The great American composer Leonard Bernstein once said, "Music can name the un-nameable, and communicate the unknowable." This concept—that exposure to music provides intrinsic value outside of just entertainment—is why schools have long made music education a central part of educating the whole child.
While language arts, civics, and STEM education are critical in successfully preparing students for a college or career pathway, music education stands as an equally important and influential component of modern pedagogy. Visual and performing arts provide students with opportunities to explore their creativity, improvisation, and self-expression, all significant lessons that cannot be extracted from a textbook.
Research on the impacts of a music-rich education have continually shown positive developmental benefits for students, such as improved test scores, emotional growth, increased coordination, memorization, pattern recognition, discipline, and neurological development.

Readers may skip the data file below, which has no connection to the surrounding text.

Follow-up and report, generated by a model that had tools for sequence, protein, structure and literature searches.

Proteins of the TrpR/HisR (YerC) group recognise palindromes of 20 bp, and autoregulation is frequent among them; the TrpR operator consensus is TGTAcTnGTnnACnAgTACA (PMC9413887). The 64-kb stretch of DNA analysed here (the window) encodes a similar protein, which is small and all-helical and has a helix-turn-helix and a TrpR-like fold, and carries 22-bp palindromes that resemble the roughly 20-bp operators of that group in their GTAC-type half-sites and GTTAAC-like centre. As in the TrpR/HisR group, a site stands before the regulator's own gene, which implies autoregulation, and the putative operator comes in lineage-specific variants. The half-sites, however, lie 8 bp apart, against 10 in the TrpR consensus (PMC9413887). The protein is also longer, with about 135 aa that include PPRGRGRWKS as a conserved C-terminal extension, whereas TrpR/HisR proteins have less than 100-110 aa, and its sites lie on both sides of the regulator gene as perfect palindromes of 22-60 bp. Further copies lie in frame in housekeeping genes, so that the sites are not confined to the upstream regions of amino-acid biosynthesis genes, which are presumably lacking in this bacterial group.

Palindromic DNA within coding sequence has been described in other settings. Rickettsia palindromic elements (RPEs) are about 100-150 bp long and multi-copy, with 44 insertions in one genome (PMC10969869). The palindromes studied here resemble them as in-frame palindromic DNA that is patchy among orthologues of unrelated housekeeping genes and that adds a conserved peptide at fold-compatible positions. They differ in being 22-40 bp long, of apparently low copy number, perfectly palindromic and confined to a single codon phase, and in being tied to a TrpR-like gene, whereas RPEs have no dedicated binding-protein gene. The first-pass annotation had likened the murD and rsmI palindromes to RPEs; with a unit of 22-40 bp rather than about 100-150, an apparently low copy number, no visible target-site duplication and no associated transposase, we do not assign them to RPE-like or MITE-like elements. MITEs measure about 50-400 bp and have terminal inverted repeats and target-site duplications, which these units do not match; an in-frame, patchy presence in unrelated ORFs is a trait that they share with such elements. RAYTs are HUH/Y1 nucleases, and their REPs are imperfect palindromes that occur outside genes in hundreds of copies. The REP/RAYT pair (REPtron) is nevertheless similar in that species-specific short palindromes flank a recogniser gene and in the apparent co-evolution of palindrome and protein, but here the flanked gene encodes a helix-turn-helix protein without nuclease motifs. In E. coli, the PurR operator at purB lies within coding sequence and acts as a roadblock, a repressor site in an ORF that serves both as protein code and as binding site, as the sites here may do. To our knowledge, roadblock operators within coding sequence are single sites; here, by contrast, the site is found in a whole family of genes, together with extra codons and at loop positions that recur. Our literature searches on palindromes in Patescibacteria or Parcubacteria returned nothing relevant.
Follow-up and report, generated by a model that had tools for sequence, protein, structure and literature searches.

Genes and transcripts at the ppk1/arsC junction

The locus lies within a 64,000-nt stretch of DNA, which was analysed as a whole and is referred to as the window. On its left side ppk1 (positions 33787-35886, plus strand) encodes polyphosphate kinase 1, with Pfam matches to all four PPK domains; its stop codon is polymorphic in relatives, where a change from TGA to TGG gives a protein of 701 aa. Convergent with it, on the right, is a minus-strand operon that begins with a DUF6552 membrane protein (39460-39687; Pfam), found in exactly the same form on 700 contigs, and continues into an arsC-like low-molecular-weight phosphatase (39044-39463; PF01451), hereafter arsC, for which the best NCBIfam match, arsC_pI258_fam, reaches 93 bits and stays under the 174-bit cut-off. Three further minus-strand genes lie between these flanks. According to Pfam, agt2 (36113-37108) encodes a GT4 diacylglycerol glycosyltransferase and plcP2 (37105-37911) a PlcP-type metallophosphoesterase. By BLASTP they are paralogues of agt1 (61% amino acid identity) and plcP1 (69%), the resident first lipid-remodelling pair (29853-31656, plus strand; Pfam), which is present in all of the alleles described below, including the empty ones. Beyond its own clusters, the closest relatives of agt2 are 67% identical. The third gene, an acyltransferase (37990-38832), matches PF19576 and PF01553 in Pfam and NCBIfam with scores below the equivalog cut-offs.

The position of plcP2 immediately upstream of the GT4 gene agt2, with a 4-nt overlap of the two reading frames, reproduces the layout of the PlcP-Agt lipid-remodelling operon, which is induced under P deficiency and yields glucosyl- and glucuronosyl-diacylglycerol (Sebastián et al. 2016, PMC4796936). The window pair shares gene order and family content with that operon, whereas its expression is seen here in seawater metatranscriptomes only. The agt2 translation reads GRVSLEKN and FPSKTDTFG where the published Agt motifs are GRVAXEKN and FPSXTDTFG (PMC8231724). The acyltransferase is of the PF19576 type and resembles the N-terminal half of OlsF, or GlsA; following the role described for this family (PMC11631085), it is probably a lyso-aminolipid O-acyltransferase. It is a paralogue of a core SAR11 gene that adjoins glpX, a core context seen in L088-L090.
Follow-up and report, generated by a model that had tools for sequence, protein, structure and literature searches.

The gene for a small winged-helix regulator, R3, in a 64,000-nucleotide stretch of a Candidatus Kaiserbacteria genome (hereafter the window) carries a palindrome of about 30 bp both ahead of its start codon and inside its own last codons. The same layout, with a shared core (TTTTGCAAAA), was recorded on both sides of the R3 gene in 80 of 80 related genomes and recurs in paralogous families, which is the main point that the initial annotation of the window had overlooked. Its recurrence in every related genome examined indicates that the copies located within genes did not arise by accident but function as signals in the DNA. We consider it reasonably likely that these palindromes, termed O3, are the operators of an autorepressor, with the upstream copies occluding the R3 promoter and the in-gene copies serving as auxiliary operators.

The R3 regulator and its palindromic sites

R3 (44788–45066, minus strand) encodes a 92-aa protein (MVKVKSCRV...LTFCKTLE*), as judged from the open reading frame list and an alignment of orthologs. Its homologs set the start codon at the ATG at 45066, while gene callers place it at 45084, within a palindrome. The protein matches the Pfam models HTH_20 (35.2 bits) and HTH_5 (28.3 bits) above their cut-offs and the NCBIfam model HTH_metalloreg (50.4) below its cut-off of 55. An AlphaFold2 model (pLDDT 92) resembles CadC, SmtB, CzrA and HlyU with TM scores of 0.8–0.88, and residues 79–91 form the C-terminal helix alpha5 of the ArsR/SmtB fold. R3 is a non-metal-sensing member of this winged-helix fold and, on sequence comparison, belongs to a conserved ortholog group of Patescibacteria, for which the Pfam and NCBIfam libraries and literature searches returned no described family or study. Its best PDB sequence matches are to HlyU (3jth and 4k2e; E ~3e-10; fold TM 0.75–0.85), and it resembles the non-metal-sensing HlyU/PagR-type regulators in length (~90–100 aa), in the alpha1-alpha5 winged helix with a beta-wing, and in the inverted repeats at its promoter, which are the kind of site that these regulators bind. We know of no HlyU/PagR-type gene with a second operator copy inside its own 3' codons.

The month of March offers us the opportunity to acknowledge the unique benefits of music education through the celebration of Music in Our Schools Month. This important acknowledgment of music education is celebrated each year with the help of the National Association for Music Education and provides our schools with the opportunity to highlight the need for expanding these vital programs.
Gov. Gavin Newsom's 2019-20 state budget proposes the largest-ever funding increase for K-12 education in our state's history. California's students will receive a record $80.7 billion in funding, dwarfing the recessionary low of $47.3 billion during the 2011-12 fiscal year. This proposed reinvestment in our schools, teachers, and students, will allow for the expansion of music education opportunities for students across the state.
Additionally, California recently overhauled its education finance system through the implementation of the Local Control Funding Formula and the Local Control Accountability Plans, which require school districts to involve parents and community members in the decisions they make about how education funds are spent.
I encourage those community members who feel strongly about arts and music education in our schools to reach out to your local education leaders with the message that arts funding should continue to be a priority in all our schools.
For information on participating in the Music in Our School's Month, visit nafme.org.